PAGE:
Columnists, Sports

Going for Two: Young guns bringing in new era of hockey

Edmonton's Connor McDavid is one young player that is shaping the future of the NHL. PHOTO COURTESY CONNOR MAH/ FLICKR
Edmonton’s Connor McDavid is one young player that is shaping the future of the NHL. PHOTO COURTESY CONNOR MAH/ FLICKR

Across the continent, hockey headlines are dominated by names like Patrick Kane, Connor McDavid and Jack Eichel.

And while the path to the Stanley Cup usually features the leadership of a few grizzled veterans, the league has been revolutionized by the finesse-style play of its many up-and-coming stars.

The first wave of this new generation of superstars came in the late 2000s as players like Kane, Steven Stamkos and Evgeni Malkin broke onto the scene and began transforming the NHL.

With this new crop of toe-draggers shifting to the forefront of hockey, the game began an irreversible shift away from the heavy-checking days of Scott Stevens and Chris Pronger.

Soon after, teams began to notice the impact these fresh faces were having on struggling franchises.

Teams like the Chicago Blackhawks and the Pittsburgh Penguins — both of whom had struggled for the better part of the decade — began to contend and eventually capture multiple titles.

This success set the stage for players like Jonathan Tavares, Tyler Seguin and Ryan Nugent-Hopkins to break into the league with a full head of steam.

Currently, Seguin is tied for fourth in the NHL in points as the 2010 second overall draft pick has exploded offensively since his trade from the Boston Bruins to the Dallas Stars.

While Tavares has yet to bring home hardware, the 26-year-old has already been named an All-Star two times while bringing the New York Islanders back out of obscurity and into playoff contention.

Once the face of the struggling Oilers, Nugent-Hopkins has taken a bit of a back seat to phenom McDavid.

However, Nugent-Hopkins’ first six seasons have seen him break the 50-point barrier three times, while finishing second in voting for the Calder Memorial Trophy in 2012 as an 18-year-old.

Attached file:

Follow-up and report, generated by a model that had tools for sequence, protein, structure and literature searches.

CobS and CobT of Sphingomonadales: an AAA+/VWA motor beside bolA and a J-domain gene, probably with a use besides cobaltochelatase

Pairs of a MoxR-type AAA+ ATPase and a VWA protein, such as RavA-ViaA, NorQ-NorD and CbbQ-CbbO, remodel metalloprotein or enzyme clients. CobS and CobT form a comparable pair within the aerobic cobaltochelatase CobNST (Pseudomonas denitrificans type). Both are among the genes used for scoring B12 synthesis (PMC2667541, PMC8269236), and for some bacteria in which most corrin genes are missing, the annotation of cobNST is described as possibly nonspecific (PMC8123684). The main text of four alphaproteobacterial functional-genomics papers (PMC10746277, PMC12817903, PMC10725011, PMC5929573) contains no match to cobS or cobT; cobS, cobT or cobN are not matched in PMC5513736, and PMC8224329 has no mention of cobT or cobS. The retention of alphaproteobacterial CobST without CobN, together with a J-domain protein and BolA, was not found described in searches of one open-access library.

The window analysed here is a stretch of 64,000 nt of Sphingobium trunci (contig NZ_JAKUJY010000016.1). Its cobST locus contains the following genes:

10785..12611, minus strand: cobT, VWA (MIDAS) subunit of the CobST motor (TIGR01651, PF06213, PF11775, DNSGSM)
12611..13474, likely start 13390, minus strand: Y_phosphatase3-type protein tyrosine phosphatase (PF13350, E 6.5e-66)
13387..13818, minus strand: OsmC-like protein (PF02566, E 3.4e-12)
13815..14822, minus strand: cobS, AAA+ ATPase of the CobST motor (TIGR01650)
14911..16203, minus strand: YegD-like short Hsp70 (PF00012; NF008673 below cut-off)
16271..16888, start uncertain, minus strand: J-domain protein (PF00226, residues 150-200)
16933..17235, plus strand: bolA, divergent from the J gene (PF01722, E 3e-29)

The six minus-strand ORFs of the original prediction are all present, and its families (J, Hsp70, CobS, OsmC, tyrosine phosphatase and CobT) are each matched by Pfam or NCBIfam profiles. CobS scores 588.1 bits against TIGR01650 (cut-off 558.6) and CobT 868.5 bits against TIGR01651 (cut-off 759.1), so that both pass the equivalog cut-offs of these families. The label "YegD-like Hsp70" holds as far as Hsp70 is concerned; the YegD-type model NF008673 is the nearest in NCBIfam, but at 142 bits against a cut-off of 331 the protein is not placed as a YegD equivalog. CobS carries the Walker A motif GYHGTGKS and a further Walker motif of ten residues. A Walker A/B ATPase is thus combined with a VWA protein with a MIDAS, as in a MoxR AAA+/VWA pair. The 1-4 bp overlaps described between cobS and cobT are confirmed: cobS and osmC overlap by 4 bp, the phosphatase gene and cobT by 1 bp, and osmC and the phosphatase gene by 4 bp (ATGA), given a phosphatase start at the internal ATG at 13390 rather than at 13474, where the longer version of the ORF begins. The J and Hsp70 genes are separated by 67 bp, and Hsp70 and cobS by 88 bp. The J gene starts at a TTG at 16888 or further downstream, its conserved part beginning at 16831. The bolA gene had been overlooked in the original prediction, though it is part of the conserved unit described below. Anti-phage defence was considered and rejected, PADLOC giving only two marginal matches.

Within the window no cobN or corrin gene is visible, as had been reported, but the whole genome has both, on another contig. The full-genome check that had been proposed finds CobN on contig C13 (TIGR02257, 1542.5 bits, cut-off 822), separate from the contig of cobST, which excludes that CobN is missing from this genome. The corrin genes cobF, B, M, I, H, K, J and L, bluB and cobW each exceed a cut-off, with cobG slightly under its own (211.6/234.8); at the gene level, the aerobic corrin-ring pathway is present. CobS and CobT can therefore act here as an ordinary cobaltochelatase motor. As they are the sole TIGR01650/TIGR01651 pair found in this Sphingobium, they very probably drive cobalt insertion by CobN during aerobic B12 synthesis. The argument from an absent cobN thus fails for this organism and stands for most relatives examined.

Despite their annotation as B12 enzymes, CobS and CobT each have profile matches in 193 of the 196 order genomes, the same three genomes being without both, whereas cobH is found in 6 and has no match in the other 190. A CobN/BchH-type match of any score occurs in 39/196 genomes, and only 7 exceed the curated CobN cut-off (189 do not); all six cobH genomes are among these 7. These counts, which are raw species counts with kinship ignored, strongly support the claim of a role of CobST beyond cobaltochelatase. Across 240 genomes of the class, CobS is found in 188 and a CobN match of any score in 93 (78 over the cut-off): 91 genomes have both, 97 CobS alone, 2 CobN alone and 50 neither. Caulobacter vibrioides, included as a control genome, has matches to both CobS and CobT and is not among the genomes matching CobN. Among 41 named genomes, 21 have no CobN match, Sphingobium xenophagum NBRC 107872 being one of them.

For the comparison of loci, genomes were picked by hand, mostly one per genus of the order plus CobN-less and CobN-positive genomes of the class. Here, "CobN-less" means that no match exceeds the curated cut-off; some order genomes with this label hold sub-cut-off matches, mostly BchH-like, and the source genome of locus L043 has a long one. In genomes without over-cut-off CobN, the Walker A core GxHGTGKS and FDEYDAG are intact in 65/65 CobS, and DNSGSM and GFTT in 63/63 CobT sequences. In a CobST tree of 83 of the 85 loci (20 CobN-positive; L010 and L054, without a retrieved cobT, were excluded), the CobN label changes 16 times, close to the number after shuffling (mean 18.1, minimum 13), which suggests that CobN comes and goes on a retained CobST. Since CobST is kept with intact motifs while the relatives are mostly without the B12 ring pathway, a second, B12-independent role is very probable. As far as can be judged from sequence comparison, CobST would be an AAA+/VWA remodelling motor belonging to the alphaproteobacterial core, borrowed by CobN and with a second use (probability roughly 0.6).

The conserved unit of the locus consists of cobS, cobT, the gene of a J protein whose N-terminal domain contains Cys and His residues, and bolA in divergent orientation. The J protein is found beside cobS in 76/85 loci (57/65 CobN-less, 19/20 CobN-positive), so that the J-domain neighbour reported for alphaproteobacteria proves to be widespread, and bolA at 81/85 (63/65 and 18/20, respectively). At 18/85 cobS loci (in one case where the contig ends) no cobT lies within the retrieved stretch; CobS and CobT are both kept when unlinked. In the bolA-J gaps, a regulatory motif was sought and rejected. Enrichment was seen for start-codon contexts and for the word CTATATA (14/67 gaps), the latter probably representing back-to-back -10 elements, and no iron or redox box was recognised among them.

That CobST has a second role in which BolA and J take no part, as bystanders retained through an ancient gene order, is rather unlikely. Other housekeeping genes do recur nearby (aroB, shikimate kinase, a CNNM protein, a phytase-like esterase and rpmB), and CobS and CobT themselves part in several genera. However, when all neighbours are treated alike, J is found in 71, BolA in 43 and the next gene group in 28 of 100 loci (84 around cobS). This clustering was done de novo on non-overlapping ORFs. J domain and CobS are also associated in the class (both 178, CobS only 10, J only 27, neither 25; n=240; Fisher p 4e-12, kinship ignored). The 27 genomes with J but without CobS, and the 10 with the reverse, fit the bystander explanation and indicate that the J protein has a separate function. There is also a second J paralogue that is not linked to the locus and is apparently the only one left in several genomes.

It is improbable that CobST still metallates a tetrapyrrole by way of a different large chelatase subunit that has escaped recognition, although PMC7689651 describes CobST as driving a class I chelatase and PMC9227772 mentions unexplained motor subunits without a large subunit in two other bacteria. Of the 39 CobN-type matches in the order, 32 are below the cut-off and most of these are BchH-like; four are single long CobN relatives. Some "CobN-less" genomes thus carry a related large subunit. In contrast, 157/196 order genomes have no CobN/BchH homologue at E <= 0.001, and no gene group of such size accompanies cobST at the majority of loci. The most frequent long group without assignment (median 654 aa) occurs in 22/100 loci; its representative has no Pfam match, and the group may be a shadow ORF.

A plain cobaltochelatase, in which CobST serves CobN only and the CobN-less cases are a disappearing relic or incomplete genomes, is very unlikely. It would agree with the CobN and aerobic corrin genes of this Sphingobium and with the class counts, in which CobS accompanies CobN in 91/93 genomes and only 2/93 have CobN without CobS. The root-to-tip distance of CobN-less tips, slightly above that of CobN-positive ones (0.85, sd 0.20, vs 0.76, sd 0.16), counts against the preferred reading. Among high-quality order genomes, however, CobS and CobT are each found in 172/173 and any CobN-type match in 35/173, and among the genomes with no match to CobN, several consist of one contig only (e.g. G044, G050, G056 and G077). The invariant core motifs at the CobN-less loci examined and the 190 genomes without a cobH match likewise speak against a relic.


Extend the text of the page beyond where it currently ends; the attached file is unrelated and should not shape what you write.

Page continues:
Now a new wave of young talent has come to the NHL in the form of McDavid, Auston Matthews and Patrik Laine.

After a season in which he was limited to 45 games due to a clavicle injury, McDavid has been on a tear this year. Named the second-youngest captain in NHL history earlier this offseason, McDavid currently leads the league in points (29) and assists (19).

Similarly, McDavid began his career by scoring early and often before his collarbone injury stole the remainder of his rookie campaign.

Matthews has also been the beneficiary of a hot start to his NHL career. A 6-foot-3 center from Scottsdale, Arizona, Matthews has adapted well to his new home in Toronto. In his first professional game for the Maple Leafs, Matthews netted a record four goals. Combining with fellow rookie Mitchell Marner, Matthews has the ability to bring Toronto out from the dregs of the league into playoff contention.

Flying under the radar largely in part to the highly-touted Matthews, Patrick Laine has been one of the league’s premier players with the Winnipeg Jets.

Laine is currently tied for third in goals with 12 — sitting just a goal behind Bruins young prospect David Pastrnak.

With the influx of quick and nimble players like Mark Messier and Paul Kariya in the late ‘90s, hockey changed. With crafty forwards clashing with big-bodied defensemen like Scott Niedermayer, hockey entered an age of brute physicality.

Players like Joe Sakic made their earnings off of quick playmaking and a focus on skills while others like Brett Hull and Nicklas Lidstrom earned their keep by punishing their adversaries.

Now hockey again is in the midst of a cultural change. Gone are the days of Pronger and Tie Domi repeatedly bashing their opponents, wearing them down hit by hit.

In their place are P.K. Subban and Max Domi, who use a combination of speed, hands and hockey sense to carve up opposing defenses and slot home highlight reel scores.

While the game has moved away from the captivating physicality that many young hockey fans have grown accustomed to, a new focus on finesse has captured the attention of many.

These toe-drags and absurd dekes have begun a circular cycle in which kids grow up idolizing the skills of players like Kane and Sidney Crosby.

With this idolization comes imitation, paving the way for more young stars like Matthews and Laine to break into the big leagues with a flair for hands, not hits.

Comments are closed.